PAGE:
Archive for Dan Lantz

Key decisions looming on Canada’s Blue Box EPR programs

North America’s first full producer responsibility EPR program for the Blue Box has been running for over a year now in British Columbia, with positive results. Will Ontario and the other provinces follow suit? Will they have the political wherewithal to effectively address the key issues of free-riders and producer control?

The paper industry has a major interest in these matters. Some 75% of the material collected in Canada’s Blue Box systems is paper of one kind or another, most of it used again and again as feedstock to produce new printed paper or packaging. Paper products provide more than half of all Blue Box revenues.

But the Blue Box is only part of the story. Canada’s recycling mills rely far more on the collection of old corrugated boxes from the back of factories and supermarkets, and on the used printing and writing paper collected from offices. The infrastructure to recycle this material has existed for years.

This is why it is so important that the provincial politicians who make decisions on who controls the Blue Box, make them based on overall need, not just on what municipalities say they want or are lobbying for. There are economies of scale to be achieved by better coordinating the location and capacities of all transfer stations and material recycling facilities (MRFs) in a province, whether they cater to industrial, commercial and institutional recycling or to what comes out of people’s homes. Too many MRFs, with all the same bells and whistles, is a recipe for financial disaster.

PPEC’s upcoming seminar on October 28th couldn’t be better timed. The speakers include:

GlenMurrayGlen Murray, Ontario’s Minister of Environment and Climate Change. The minister has promised to introduce new waste reduction and resource recovery legislation to Ontario. This will impact all waste streams and recycling in the province. Here’s your chance to hear the minister explain, in person, the major thrust and intentions of the new legislation.


DLPicDan Lantz
, COO of Green by Nature EPR, which processes the residential materials from all of BC’s recycling programs. How is North America’s first full producer responsibility program working? What can we learn from it? Do we want it to be applied in other provinces? What are the implications for the paper, glass, plastic and metal industries?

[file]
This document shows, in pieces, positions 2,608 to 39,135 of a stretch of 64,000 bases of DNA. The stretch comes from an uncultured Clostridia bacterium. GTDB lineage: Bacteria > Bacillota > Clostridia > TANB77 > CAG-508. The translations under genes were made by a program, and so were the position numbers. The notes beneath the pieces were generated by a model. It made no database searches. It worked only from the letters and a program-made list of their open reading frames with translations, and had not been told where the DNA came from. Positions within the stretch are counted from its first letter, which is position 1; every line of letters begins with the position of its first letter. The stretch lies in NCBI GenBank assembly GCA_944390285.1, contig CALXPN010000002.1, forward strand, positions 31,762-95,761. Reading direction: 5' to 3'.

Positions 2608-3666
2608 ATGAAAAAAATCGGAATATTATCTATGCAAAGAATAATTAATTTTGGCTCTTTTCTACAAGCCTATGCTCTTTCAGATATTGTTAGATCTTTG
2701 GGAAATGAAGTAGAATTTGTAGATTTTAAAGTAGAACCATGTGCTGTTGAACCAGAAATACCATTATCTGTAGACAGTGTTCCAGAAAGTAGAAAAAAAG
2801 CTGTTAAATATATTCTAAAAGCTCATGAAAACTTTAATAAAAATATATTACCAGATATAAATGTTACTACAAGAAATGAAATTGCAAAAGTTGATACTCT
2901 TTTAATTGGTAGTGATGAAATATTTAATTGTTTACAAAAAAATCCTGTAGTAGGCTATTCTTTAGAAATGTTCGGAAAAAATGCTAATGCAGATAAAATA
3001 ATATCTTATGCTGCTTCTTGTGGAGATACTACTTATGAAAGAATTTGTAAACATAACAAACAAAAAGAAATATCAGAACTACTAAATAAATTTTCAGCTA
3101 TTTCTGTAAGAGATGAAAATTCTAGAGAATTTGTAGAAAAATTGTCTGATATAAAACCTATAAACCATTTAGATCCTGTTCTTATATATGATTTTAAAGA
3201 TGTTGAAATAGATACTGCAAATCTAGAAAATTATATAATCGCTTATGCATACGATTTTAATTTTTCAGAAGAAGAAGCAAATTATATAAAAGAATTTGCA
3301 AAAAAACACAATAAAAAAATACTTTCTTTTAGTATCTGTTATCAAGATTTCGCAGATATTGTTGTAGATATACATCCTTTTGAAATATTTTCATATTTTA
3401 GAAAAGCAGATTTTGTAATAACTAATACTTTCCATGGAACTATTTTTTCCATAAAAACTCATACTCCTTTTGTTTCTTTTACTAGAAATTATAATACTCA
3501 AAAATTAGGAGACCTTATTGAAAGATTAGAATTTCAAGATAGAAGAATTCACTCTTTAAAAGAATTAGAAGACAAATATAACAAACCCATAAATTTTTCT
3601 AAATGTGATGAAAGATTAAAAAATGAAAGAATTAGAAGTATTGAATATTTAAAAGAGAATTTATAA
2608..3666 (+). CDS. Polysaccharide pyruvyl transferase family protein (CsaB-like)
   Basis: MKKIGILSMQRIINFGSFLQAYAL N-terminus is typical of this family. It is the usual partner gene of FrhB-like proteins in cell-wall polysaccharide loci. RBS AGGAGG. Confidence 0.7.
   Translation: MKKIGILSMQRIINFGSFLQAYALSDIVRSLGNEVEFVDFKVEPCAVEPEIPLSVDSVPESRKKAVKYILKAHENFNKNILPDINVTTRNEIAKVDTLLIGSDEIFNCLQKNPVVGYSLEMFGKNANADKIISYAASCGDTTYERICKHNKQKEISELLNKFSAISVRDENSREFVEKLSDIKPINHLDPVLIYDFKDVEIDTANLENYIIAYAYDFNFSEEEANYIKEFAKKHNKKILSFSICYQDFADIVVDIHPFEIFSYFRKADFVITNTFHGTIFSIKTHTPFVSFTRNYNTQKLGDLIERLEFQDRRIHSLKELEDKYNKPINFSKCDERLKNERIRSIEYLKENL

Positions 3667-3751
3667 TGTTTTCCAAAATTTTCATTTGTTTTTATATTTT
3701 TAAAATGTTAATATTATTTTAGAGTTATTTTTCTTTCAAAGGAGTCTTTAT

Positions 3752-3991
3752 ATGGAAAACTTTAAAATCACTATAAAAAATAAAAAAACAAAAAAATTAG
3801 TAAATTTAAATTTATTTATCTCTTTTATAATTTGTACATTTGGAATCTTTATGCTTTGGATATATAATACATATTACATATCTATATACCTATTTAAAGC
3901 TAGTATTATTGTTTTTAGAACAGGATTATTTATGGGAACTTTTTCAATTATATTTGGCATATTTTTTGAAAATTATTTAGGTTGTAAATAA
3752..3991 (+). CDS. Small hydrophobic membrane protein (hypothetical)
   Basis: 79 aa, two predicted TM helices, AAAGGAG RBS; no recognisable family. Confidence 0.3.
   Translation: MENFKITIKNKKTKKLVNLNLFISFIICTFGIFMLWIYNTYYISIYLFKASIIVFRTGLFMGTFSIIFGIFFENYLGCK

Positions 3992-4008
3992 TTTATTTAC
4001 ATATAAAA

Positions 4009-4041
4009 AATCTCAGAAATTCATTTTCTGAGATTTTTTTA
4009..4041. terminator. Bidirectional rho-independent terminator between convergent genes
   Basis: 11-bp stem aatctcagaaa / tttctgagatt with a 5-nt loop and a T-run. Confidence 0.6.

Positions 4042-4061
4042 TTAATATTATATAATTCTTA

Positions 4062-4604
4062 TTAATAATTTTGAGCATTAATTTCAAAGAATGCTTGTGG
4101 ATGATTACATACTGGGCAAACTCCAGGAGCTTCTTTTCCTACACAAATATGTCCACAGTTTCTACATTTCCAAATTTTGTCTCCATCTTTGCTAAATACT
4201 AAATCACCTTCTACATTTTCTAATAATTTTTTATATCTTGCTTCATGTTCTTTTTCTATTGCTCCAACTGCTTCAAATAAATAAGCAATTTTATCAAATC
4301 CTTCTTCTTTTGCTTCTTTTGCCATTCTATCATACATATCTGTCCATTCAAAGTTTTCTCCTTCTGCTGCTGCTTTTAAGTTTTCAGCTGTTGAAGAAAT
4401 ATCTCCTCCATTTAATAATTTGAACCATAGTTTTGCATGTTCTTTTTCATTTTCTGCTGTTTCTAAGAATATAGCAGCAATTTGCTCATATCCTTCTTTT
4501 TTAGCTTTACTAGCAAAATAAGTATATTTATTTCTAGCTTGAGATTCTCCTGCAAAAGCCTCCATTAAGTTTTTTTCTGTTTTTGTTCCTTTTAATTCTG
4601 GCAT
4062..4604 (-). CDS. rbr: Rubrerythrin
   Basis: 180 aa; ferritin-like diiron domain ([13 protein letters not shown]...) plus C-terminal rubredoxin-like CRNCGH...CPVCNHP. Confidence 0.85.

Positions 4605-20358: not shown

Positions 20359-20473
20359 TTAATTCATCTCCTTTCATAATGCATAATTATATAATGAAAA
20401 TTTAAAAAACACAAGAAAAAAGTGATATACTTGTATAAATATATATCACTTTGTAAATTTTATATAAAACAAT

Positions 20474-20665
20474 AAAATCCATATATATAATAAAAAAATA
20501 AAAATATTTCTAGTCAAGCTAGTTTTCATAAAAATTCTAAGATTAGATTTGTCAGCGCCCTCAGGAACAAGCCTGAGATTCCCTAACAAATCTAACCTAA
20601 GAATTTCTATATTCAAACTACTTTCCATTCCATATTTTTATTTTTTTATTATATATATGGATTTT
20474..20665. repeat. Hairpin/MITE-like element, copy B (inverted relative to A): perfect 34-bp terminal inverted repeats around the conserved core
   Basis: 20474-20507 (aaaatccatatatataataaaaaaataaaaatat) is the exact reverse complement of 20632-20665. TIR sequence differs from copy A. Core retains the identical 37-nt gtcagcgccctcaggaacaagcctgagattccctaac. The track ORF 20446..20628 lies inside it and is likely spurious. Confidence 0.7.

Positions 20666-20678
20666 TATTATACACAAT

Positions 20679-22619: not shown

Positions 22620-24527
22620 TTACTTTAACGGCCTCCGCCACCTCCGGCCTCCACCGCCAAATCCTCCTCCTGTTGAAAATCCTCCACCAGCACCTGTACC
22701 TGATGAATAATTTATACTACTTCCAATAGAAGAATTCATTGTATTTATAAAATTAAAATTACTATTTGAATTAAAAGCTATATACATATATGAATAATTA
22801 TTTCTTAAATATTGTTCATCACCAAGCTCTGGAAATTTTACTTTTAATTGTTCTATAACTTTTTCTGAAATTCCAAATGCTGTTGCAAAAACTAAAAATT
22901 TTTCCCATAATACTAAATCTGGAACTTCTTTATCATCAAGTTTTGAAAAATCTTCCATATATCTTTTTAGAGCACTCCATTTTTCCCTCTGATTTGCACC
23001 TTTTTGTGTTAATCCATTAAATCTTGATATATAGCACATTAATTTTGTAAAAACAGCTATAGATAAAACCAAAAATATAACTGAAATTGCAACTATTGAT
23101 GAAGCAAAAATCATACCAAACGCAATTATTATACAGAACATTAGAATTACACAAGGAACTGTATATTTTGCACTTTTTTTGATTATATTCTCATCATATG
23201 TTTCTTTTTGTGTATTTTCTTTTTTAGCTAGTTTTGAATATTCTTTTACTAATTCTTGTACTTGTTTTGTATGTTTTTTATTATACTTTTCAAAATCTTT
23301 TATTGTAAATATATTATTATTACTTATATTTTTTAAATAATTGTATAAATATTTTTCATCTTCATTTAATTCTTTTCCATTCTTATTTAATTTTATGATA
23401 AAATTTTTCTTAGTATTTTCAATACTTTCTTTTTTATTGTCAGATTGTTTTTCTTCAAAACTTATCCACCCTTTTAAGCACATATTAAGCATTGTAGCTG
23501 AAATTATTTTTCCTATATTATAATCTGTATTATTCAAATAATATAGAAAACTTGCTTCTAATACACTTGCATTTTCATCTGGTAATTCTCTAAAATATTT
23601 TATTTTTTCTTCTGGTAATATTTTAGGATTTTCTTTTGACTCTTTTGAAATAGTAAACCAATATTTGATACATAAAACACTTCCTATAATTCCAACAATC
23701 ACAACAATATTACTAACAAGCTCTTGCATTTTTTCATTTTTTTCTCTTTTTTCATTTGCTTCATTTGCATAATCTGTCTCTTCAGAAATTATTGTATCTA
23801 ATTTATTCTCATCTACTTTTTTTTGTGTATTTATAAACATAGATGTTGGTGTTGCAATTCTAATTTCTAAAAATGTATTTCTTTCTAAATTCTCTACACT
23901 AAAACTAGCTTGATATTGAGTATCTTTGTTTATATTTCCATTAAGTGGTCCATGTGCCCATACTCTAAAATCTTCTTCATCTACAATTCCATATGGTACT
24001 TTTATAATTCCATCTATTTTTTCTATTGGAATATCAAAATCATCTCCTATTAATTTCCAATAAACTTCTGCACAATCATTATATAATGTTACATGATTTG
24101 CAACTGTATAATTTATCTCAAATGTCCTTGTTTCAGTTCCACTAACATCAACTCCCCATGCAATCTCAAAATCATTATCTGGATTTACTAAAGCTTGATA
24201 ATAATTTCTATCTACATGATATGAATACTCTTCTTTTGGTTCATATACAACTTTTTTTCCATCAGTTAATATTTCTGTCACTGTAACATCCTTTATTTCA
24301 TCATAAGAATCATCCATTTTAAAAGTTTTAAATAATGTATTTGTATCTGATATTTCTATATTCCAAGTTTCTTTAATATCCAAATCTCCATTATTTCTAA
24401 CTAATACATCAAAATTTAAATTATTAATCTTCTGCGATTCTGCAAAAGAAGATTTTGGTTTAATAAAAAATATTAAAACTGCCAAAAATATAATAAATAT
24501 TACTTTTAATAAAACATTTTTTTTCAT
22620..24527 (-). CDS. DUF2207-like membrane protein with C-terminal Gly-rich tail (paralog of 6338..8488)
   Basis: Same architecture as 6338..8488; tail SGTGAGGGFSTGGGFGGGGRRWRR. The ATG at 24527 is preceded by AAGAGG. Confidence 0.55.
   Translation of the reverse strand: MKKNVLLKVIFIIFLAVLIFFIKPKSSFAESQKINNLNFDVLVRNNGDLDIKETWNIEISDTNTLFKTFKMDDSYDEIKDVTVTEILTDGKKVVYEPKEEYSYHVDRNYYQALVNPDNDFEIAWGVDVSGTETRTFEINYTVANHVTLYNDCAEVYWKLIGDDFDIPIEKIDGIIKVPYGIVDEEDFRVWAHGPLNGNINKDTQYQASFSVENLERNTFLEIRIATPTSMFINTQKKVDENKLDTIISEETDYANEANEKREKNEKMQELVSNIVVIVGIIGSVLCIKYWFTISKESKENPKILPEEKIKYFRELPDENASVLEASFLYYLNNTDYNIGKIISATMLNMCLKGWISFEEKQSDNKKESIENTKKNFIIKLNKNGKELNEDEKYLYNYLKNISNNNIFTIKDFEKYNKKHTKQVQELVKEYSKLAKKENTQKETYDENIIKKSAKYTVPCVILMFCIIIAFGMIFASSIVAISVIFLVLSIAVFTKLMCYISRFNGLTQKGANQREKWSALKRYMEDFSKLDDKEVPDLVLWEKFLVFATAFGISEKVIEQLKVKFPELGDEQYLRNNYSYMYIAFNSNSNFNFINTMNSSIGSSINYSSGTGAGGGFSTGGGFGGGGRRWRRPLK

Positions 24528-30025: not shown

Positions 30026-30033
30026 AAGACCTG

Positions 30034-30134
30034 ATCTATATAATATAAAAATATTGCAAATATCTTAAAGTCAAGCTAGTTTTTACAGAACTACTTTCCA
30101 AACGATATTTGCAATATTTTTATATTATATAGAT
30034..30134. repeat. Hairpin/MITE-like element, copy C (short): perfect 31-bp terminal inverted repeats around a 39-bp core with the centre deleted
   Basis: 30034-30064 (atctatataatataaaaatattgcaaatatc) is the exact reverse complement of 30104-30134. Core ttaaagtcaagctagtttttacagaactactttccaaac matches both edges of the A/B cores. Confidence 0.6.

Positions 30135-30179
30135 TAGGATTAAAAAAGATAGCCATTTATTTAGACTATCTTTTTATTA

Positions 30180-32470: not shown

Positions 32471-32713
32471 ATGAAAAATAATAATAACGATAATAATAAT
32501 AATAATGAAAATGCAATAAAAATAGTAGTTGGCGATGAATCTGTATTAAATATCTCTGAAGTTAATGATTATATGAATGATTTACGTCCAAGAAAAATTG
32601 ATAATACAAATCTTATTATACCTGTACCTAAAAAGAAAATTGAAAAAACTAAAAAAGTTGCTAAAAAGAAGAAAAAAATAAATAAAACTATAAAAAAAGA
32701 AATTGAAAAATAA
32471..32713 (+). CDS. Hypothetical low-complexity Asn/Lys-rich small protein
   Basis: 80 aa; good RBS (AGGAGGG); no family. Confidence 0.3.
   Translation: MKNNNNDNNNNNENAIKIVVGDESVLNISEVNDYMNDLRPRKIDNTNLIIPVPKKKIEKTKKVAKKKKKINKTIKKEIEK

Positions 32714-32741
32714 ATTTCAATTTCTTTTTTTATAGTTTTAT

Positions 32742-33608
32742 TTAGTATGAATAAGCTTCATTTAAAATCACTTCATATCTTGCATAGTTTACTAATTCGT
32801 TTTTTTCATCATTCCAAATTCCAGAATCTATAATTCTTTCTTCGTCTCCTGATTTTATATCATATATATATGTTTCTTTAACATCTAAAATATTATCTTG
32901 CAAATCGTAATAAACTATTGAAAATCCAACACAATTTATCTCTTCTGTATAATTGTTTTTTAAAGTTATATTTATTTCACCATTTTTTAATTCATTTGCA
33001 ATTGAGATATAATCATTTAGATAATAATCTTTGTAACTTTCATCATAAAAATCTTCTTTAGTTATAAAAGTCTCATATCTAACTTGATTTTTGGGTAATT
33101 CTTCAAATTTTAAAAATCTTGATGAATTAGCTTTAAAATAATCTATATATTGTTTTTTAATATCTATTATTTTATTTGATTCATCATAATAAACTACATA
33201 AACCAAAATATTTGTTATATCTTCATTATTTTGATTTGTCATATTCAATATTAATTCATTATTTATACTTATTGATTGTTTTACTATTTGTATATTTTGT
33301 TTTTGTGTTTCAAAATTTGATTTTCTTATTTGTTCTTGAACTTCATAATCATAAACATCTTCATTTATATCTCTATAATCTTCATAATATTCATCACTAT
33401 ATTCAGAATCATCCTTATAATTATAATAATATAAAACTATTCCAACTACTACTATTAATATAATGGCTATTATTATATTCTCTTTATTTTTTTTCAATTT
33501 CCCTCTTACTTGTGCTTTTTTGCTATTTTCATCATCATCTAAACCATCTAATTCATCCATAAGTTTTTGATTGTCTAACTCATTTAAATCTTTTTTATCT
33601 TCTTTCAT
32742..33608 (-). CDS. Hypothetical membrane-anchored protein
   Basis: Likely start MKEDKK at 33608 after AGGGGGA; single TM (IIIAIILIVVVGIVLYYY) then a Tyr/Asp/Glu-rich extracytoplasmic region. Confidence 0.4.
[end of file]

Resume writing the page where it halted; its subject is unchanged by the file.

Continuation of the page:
RobertChantBob Chant
, VP Corporate Affairs and Communication at Loblaw, who represents Canada’s major grocery retailer on several producer-related bodies, including the industry funding organisation for Ontario’s Blue Box program, Stewardship Ontario, and its parent, the Canadian Stewardship Services Alliance (CSSA). What’s the retailer perspective on EPR in Canada? How are they handling the conflicting demands and range of programs across the country? What do they see as the key decisions to be made going forward? What are the implications for the material sectors?

DennisColleyThe seminar will be rounded out by an American perspective from Dennis Colley, President of the Fibre Box Association, representing the US corrugated box industry. What is the status of the EPR debate in the US, and what are the implications for the paper industry there?


For more details on this timely seminar, click here.

To register for this event please click here.

Friends of PPEC, you are invited!

It’s party time! The industry’s environmental council turns 25 this year and wants to let its hair down (what’s left of it!). The plan is to both celebrate the past and to look forward to the future, while having a good time.PPEC turns 25

The Big Event takes place on October 28 in Mississauga, Ontario and registration is now open. An afternoon seminar will focus on current and future challenges and opportunities, including the implications of Extended Producer Responsibility (EPR) schemes for the paper industry as a whole.

Confirmed speakers to date include Dan Lantz of Green by Nature and Dennis Colley of the US-based Fibre Box Association. Invited speakers include EPR consultant Glenda Gies, retailer Bob Chant (Loblaw) and Ontario’s Minister of Environment and Climate Change, Glen Murray. Canada is at a real crossroads regarding EPR.

The 25th Anniversary Dinner will follow a reception and entertainment. PPEC will launch its campaign for “best short historical documentary” to be shown at the Toronto International Film Festival next year, and some old folks (and some not-so-old folks) will no doubt talk about PPEC past and present.

Over 25 years the council has made many friends in many walks of life: politicians, civil servants, fellow industry colleagues, environmentalists, educationists, you know who you are. We’ve lost touch with some of you, and you have moved on to other endeavours, but we’d love to get back together to catch up. Life is too short, and 25th anniversaries don’t come around very often. So if you are interested please take advantage of this opportunity and register now!  We’d love to see you.